11 Lessons I've Learned in College So Far

I knew that college would educate me on many things, but in reality I had no idea just the kind of wisdom I would gain after just one year. I learned important lessons about friendship, being alone with yourself, being away from loved ones, independence, time management, and enjoying these four years. In actuality, college is so much more than attaining a degree.

  1. 1. Making friends is a different experience for everyone.

    There is no right or wrong way to make friends, nor is there any specific deadline. Social media can make it seem like many people have found their BFFs and are living their best lives together, but that’s not always true. Many of those people may be struggling and using social media to make it seem like they’re not. However, there is nothing wrong with struggling to make friends. Some people make friends during NSOP, or even before reaching campus, and some people don’t; all of that is OK. I personally didn’t make many lasting friendships during NSOP, but instead made lasting friendships in time.

    The first few weeks can be daunting when it comes to making friends, but it won’t always be that way; it’ll get easier as you get more accustomed to campus and your classes. Odds are that there are plenty of other people who feel the same way, but everyone deals with it differently. There are surely people who don’t find the friend-making process daunting, even in the beginning, but everyone is different.

    The friend-making process also doesn’t end, because there will always be new people in new classes and new clubs and maybe even new roommates. If you’re struggling, know that as time goes on it will get easier and more natural to be friendly with people.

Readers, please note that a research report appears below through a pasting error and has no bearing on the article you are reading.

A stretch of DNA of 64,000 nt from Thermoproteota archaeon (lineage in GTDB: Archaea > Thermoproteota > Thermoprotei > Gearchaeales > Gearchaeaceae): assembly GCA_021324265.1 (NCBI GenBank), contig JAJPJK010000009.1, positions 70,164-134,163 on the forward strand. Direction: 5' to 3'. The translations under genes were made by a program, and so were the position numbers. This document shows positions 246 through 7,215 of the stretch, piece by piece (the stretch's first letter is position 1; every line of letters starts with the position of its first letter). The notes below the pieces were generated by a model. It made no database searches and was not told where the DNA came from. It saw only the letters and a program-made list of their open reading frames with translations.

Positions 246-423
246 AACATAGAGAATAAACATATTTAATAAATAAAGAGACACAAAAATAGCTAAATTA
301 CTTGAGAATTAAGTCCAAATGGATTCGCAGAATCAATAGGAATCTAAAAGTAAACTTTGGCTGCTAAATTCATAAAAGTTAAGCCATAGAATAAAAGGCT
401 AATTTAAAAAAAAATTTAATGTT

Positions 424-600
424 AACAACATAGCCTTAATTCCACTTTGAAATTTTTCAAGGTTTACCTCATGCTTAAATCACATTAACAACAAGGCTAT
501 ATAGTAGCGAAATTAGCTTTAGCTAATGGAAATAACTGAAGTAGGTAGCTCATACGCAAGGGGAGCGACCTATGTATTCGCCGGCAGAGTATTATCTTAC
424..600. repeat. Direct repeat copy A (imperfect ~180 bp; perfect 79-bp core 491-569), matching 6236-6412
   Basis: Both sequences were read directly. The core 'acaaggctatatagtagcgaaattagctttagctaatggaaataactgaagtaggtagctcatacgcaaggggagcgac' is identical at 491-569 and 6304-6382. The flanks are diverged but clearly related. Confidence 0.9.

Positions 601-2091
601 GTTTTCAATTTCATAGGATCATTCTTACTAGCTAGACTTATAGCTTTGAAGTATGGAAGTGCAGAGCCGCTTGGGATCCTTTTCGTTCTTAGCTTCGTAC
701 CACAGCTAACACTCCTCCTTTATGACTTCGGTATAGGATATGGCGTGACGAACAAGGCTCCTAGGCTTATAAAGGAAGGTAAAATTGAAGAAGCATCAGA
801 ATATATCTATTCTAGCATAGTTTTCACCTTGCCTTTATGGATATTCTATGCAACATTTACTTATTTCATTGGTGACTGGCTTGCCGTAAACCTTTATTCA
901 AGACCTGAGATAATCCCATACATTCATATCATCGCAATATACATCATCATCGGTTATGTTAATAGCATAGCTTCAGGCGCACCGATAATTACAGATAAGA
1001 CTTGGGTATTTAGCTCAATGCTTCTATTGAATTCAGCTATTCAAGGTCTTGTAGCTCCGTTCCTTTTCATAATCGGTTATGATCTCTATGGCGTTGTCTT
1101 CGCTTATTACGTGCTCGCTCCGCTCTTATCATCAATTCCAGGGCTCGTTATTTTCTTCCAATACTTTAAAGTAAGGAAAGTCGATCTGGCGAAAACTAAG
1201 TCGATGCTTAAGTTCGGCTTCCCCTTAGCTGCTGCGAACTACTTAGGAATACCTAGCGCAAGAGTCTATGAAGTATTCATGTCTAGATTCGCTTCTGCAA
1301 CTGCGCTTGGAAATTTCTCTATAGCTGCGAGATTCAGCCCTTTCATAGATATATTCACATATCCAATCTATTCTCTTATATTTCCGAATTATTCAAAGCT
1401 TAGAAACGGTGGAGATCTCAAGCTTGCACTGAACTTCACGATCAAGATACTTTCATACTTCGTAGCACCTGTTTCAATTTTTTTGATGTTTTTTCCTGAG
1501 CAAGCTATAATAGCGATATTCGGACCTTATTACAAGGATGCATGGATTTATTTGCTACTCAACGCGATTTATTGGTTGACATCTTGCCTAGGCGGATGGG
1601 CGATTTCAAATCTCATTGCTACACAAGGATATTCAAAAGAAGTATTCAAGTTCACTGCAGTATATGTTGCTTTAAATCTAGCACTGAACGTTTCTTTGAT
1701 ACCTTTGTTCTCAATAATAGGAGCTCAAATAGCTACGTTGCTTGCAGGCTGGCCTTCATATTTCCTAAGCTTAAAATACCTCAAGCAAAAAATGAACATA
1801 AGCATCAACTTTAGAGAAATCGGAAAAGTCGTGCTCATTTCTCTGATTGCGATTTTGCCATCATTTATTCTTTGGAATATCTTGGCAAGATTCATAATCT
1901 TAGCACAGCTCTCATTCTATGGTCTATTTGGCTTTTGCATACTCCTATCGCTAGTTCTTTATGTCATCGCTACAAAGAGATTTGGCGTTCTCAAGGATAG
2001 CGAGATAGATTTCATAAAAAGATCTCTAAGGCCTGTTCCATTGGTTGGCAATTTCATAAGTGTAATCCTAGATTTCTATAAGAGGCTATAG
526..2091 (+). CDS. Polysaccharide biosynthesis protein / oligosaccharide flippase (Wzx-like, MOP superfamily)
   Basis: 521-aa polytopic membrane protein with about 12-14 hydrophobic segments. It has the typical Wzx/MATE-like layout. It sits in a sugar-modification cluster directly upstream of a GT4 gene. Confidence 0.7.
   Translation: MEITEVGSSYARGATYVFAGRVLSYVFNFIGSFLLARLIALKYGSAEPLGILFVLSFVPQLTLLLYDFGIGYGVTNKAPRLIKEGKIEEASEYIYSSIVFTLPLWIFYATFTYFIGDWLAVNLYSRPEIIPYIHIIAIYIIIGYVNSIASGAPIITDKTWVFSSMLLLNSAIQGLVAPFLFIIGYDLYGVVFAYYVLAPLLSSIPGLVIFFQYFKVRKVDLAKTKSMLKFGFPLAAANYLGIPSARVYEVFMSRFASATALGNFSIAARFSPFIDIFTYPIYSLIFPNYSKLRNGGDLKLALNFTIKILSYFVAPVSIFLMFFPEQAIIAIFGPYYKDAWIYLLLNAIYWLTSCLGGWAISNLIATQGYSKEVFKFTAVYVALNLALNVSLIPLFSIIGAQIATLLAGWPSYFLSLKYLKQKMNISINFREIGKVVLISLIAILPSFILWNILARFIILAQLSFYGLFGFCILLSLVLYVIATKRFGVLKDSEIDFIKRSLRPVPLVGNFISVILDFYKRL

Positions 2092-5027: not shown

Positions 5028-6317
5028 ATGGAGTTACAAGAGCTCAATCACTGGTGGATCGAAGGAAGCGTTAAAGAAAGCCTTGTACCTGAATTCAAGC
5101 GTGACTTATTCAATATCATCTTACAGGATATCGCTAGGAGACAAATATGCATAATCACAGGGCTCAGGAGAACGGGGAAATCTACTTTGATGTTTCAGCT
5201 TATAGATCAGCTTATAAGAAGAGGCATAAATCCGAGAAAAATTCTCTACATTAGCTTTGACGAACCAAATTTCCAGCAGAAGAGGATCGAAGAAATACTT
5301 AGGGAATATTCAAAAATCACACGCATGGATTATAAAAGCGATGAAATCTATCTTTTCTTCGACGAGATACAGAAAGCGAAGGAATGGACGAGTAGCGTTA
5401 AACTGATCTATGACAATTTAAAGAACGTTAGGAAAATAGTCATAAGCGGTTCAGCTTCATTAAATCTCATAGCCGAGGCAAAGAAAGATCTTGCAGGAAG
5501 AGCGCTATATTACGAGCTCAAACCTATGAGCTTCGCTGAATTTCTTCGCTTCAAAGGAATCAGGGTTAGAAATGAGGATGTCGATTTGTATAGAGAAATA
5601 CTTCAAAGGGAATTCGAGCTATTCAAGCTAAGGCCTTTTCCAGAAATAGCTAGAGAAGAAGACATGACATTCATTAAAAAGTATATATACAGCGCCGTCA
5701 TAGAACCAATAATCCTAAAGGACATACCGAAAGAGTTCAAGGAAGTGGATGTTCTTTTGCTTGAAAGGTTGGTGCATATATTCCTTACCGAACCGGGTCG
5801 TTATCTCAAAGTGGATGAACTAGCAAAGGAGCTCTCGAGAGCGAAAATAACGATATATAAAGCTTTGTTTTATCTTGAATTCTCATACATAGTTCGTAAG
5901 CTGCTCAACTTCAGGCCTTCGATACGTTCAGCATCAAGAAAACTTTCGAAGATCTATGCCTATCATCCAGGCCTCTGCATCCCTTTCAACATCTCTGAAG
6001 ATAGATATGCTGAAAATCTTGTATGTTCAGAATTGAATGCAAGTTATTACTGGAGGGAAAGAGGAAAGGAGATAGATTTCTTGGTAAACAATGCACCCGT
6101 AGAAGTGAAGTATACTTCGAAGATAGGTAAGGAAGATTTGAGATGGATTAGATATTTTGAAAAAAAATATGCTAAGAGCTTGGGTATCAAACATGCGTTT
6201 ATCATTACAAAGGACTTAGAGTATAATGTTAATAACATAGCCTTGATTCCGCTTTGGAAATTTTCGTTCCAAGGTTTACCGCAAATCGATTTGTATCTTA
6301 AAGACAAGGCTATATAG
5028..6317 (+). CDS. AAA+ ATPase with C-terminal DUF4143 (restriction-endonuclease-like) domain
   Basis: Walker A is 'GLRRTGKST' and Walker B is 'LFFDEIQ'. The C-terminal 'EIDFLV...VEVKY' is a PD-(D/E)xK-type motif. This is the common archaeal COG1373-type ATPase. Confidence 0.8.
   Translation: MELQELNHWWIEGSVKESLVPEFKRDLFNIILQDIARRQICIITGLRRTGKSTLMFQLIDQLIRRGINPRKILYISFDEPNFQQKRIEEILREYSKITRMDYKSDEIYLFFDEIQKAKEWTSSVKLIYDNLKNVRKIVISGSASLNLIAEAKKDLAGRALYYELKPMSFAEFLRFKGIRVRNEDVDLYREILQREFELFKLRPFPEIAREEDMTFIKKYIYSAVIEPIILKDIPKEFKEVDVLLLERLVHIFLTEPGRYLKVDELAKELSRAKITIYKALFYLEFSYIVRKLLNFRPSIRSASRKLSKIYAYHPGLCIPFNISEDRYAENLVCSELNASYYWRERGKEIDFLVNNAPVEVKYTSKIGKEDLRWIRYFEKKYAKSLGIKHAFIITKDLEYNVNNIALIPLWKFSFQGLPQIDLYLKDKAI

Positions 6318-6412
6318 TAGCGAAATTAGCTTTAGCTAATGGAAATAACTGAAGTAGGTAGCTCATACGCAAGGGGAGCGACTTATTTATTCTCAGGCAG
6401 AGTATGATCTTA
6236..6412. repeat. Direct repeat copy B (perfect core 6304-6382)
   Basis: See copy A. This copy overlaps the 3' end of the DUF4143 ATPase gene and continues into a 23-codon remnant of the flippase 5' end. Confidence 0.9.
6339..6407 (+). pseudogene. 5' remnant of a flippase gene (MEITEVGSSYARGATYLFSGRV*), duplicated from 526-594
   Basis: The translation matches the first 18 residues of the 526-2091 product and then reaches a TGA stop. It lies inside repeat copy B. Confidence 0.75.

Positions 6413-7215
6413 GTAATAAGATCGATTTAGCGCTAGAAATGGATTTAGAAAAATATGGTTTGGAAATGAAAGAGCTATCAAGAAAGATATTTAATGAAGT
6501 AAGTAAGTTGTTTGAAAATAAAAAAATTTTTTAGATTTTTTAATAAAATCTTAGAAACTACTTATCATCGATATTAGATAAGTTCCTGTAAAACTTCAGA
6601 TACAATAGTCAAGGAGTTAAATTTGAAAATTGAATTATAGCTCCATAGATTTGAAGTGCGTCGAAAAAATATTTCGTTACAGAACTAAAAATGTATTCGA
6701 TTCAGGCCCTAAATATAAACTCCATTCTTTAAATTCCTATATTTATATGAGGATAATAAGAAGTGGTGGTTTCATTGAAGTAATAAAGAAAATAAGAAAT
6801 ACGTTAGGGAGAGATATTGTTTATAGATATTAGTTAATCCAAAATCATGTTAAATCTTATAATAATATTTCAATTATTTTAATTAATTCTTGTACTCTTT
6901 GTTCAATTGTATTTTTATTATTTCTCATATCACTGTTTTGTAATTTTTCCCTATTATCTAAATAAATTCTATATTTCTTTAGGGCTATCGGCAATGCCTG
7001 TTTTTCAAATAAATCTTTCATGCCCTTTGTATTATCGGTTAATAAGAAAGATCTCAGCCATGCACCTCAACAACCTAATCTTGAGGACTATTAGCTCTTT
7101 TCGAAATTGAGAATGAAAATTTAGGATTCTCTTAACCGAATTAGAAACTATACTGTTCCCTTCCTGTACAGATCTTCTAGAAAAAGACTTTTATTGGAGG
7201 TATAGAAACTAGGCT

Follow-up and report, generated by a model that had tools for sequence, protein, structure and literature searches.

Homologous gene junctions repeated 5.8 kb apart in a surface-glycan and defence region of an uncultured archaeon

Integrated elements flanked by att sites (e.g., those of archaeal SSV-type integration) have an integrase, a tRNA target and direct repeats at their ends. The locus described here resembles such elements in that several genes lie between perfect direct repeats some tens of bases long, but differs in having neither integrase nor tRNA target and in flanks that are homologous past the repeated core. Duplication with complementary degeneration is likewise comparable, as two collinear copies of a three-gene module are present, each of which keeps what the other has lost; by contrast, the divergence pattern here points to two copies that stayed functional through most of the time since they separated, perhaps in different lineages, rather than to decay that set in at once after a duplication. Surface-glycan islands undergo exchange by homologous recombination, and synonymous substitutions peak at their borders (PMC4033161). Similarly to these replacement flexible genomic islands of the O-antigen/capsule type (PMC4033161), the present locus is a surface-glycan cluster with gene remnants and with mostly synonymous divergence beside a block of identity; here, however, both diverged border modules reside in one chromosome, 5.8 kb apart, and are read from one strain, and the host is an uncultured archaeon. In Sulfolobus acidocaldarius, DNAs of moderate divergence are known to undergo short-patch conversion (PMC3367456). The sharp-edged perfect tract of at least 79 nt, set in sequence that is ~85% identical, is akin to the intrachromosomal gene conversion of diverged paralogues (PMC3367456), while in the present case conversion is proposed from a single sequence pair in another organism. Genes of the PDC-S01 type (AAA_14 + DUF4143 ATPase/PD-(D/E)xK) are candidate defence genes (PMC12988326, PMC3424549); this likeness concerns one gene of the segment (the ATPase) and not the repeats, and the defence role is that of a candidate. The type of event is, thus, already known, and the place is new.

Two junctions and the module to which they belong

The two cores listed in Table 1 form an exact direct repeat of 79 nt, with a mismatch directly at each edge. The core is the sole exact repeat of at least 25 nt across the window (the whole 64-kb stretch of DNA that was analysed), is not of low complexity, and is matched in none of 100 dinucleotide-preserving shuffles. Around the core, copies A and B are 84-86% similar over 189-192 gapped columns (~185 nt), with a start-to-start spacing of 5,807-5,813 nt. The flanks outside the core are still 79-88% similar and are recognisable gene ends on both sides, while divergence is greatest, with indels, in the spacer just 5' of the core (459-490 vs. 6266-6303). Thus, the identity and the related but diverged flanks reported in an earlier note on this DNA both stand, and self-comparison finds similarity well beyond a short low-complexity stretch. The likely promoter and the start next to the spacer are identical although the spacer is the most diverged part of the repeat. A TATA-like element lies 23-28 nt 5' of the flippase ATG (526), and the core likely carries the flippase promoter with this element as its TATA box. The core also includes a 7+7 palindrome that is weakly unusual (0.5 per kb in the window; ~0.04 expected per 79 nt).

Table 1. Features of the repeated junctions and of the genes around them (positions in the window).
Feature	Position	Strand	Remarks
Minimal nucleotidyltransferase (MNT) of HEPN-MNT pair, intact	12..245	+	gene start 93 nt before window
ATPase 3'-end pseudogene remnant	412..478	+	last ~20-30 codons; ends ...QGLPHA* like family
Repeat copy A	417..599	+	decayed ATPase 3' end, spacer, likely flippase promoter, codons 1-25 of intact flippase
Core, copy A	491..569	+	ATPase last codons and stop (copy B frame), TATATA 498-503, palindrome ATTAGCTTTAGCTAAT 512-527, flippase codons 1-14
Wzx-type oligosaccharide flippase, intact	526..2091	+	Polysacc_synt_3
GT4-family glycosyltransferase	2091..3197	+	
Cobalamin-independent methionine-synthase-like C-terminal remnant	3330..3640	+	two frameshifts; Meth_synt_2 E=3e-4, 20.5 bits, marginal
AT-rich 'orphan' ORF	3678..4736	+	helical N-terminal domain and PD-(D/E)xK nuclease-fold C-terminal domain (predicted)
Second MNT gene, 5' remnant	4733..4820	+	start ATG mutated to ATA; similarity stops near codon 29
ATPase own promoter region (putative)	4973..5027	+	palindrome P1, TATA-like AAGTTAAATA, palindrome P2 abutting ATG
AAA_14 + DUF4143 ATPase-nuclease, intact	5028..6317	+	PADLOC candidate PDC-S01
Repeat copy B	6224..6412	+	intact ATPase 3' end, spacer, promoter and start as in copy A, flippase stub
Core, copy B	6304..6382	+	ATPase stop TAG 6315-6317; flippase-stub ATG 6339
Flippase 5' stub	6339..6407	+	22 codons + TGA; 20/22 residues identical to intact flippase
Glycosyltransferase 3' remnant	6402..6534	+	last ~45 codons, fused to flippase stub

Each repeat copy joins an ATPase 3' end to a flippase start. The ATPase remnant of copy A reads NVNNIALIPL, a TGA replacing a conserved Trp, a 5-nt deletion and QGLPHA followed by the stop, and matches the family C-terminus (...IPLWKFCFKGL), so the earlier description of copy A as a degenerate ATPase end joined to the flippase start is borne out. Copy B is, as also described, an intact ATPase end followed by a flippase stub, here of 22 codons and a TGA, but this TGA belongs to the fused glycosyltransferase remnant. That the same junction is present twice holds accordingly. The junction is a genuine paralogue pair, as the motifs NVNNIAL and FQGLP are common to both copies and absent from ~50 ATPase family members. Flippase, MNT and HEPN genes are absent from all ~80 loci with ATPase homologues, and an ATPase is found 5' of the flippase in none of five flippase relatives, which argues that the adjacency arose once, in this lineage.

2. 2. Being alone with yourself is good and can teach you a lot.

    College can feel lonely at times, especially for people living away from home for the first time. It can make time spent alone feel like a bad thing, intensifying the loneliness. Being alone doesn’t have to be a lonely thing, though. A universal college experience is being able to figure out who you are and come into yourself, which you need alone time to do. Spending time with friends is great, but it’s only when you’re by yourself that you can be honest with yourself.

    Learning to be comfortable by yourself is a really important skill to have. Once you’re comfortable with being alone, there are so many possibilities for things to help you discover yourself — meditation, yoga, reading, dancing by yourself, etc. By being alone with myself, I discovered that I like meditation and yoga and both have helped me when I need to de-stress.

  3. 3. You’re never too strong or too old to be homesick.

    The feeling isn’t entirely dependent on personality or age; anyone can feel homesick at any point. If you think about it, that’s completely natural when most of us have lived with the same people for most of our lives until college. The feeling of homesickness will probably be at its highest intensity the first year of college, but some people experience it each time they come back to campus. Some people experience it at random points during the year. The point is, there’s no shame in feeling homesick. There may be people who act like they’re too cool to miss home, or maybe they truly don’t, but that doesn’t mean there’s anything wrong with missing home and loved ones. I personally felt most of my homesickness in the fall semester, but still felt it from time to time in the spring semester.